Malware, Ransomware

FBI Most Wanted cybergang boss pleads guilty

A Ukrainian national who helped run the notorious JabberZeus and IcedID malware gangs, and spent almost a decade on the FBI’s Cyber Most Wanted fugitives list, has pleaded guilty in U.S. federal court to racketeering and wire fraud charges.

Vyacheslav Igorevich Penchukov held leadership roles in the two gangs between 2009 and 2021, during which time they were responsible for infecting thousands of computers, costing victims tens of millions of dollars, prosecutors alleged.

IcedID was responsible for a 2020 ransomware attack on the University of Vermont Medical Center which cost the facility over $30 million and left it “unable to provide many critical patient services for over two weeks, creating a risk of death or serious bodily injury to patients,” the Justice Department said in a statement.

Known online as “Tank” and “Father”, 37-year-old Penchukov was arrested in Switzerland in 2022 and extradited to the U.S. last year.

Gang used Zeus banking trojan to steal millions

Zeus was one of the leading banking trojans from 2009 until 2014 when one of several variants, Gameover Zeus, was taken down by authorities.

According to court documents, the JabberZeus gang used the malware to capture bank account information and online banking credentials.

“Penchukov and his co-conspirators then falsely represented to banks that they were employees of the victims and authorized to make transfers of funds from the victims’ bank accounts, causing the banks to make unauthorized transfers of funds from the victims’ accounts, resulting in millions of dollars in losses to the victims,” the Justice Department statement said.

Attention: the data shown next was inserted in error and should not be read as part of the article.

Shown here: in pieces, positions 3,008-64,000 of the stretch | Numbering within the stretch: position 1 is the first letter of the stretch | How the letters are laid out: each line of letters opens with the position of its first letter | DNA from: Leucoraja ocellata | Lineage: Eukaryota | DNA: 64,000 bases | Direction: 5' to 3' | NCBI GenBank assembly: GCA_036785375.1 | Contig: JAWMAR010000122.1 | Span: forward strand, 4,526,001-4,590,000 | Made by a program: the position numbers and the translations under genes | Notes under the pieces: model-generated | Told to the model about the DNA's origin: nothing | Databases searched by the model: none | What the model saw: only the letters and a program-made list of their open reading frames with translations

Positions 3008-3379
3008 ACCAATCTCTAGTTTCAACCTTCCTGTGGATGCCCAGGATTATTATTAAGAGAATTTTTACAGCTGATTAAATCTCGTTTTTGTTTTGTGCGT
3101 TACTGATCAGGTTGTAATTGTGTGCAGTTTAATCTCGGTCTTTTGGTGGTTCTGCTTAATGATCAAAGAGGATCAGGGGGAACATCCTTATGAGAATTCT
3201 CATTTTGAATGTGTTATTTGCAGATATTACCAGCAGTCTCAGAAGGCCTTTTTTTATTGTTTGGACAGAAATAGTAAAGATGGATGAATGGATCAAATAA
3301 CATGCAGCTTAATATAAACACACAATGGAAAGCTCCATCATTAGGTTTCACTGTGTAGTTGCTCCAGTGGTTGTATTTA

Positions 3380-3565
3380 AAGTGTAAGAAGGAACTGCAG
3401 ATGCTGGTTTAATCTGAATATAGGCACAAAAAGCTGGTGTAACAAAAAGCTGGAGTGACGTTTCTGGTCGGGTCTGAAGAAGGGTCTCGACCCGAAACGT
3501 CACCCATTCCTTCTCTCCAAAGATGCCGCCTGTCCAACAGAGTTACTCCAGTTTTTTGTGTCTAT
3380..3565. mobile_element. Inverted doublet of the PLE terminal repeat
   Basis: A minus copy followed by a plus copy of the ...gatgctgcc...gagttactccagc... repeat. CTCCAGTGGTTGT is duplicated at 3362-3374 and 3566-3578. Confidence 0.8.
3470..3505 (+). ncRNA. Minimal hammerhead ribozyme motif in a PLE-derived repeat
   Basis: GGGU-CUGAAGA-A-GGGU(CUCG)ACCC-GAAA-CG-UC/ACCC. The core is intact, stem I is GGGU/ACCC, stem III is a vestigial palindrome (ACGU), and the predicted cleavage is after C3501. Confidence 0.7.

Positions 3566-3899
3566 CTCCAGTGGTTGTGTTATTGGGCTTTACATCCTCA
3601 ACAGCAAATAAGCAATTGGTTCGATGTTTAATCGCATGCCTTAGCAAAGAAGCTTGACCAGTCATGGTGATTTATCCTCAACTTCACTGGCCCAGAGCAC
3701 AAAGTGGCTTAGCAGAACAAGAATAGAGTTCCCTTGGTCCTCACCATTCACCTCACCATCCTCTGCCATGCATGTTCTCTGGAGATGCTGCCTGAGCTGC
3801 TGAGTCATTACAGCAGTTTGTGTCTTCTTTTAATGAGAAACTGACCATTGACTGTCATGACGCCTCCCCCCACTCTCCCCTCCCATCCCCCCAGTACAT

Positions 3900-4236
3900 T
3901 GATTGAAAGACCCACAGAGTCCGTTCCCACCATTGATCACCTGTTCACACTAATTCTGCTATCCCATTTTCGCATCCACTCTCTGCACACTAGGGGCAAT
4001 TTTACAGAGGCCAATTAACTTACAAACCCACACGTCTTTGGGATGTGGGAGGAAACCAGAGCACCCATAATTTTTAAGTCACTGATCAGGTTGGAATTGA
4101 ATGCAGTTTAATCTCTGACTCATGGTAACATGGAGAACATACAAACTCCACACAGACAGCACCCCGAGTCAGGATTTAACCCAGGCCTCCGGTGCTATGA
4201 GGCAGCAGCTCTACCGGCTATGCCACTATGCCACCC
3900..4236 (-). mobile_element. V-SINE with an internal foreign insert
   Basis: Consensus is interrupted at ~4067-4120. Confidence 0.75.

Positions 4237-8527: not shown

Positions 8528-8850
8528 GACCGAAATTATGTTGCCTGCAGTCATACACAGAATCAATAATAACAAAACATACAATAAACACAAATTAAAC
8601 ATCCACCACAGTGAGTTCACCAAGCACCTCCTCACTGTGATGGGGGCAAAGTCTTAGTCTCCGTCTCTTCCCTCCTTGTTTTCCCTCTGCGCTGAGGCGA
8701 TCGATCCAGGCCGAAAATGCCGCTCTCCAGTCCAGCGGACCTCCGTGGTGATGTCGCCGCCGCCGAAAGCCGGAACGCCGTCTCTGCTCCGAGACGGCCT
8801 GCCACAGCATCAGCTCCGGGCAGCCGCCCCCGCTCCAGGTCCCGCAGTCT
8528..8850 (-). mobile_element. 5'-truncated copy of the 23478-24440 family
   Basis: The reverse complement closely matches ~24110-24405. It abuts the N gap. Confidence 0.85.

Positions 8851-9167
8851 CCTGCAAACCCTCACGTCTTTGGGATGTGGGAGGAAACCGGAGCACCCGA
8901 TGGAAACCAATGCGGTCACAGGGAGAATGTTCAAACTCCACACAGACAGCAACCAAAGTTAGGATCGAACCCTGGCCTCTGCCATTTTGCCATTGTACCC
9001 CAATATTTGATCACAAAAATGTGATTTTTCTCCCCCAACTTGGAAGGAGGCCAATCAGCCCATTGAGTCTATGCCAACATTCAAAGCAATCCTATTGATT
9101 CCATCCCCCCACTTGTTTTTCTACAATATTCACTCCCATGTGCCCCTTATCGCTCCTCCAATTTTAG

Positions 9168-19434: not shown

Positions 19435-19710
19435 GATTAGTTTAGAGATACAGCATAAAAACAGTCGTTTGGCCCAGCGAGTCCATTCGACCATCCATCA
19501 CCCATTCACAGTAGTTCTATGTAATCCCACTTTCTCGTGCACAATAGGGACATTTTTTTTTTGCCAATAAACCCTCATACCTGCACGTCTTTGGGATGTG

“The enterprise used residents of the United States and elsewhere as ‘money mules’ to receive wired funds from victims’ bank accounts into their own bank accounts, who then withdrew and wired funds overseas to accounts controlled by Penchukov’s co-conspirators.”

U.S. authorities first charged Penchukov with offenses related to his role in the JabberZeus gang in 2012, when he was still at large, although the indictment was not unsealed until 2014.

Switch to IcedID included move to ransomware

Despite being added to the FBI’s Cyber Most Wanted list around that time, the Justice Department said Penchukov moved on to help lead the gang running what was then a new banking trojan malware, IcedID (also known as Bokbot).

He was active with the IcedID gang from at least November 2018 through February 2021. During that time, as well as stealing from victims by harvesting banking credentials, Penchukov and his colleagues used the malware’s ransomware capabilities to attack victims, including the University of Vermont Medical Center.

Penchukov appeared in court in Lincoln, Nabraska, on Feb. 15 where he pleaded guilty to one count of conspiracy to commit a Racketeer Influenced and Corrupt Organizations (RICO) Act offense relating to his role in the JabberZeus gang. He also pleaded guilty to one count of conspiracy to commit wire fraud in relation to his role in the IcedID group.

Penchukov is due to be sentenced on May 9 and faces a maximum penalty of 20 years in prison for each count. “Core to the FBI’s cyber strategy is our willingness to play the long game and take players off the field. Vyacheslav Penchukov was a prolific criminal for over a decade and his criminal activities caused millions in damages,” said Assistant Director Bryan Vorndran of the FBI’s Cyber Division.

Simon Hendery

Simon Hendery is a freelance IT consultant specializing in security, compliance, and enterprise workflows. With a background in technology journalism and marketing, he is a passionate storyteller who loves researching and sharing the latest industry developments.

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